Explore this issue:February 2011
SCOTTSDALE—Problems with the nasal valve that lead to difficulty with breathing can be tricky, in terms of both diagnosis and treatment, said a group of experts here at the Triological Society’s Combined Sections Meeting on Jan. 28.
Such cases require care in determining the precise nature and cause of the problem, but with the proper approach, otolaryngologists can deliver great results to patients, the panelists said.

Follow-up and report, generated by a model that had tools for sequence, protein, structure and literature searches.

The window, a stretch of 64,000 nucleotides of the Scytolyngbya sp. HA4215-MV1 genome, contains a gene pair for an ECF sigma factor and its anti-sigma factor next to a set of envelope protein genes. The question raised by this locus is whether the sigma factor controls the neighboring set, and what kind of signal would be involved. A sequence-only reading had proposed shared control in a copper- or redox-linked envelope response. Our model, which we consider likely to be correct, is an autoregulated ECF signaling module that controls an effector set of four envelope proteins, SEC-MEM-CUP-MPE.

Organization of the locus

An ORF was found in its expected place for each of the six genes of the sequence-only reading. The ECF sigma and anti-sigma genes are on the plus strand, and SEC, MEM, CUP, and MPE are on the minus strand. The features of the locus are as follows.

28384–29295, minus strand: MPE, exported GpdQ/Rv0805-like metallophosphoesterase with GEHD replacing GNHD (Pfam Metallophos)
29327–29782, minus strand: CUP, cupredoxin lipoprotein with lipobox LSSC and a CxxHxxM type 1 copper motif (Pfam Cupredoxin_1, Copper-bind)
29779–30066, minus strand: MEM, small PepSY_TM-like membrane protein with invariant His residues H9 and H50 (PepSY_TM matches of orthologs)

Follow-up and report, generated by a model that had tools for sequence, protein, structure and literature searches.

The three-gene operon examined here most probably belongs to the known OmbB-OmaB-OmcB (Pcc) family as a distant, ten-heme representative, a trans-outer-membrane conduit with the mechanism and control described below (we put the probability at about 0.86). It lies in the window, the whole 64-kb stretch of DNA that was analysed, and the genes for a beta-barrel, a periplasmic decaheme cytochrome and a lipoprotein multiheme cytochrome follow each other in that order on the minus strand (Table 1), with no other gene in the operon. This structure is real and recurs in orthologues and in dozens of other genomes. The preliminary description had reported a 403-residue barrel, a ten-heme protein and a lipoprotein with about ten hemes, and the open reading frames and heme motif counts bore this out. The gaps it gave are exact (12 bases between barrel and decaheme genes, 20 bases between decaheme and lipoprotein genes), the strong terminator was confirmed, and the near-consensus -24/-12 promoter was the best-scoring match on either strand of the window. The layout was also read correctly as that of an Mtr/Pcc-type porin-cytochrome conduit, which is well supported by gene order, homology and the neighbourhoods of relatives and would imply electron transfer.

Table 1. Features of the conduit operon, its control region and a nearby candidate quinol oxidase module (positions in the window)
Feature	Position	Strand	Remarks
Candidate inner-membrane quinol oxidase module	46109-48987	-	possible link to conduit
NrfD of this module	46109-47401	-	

Reviewing All Possibilities
W. Russell Ries, MD, associate professor of otolaryngology at Vanderbilt University in Nashville, said that even though the term “stenosis” is often used to describe this kind of issue, it actually boils down to a problem of function. “When you talk about a stenosis, to me it means some type of lumen that has been narrowed,” he said. “And nasal valve compromise is more of a functional compromise.”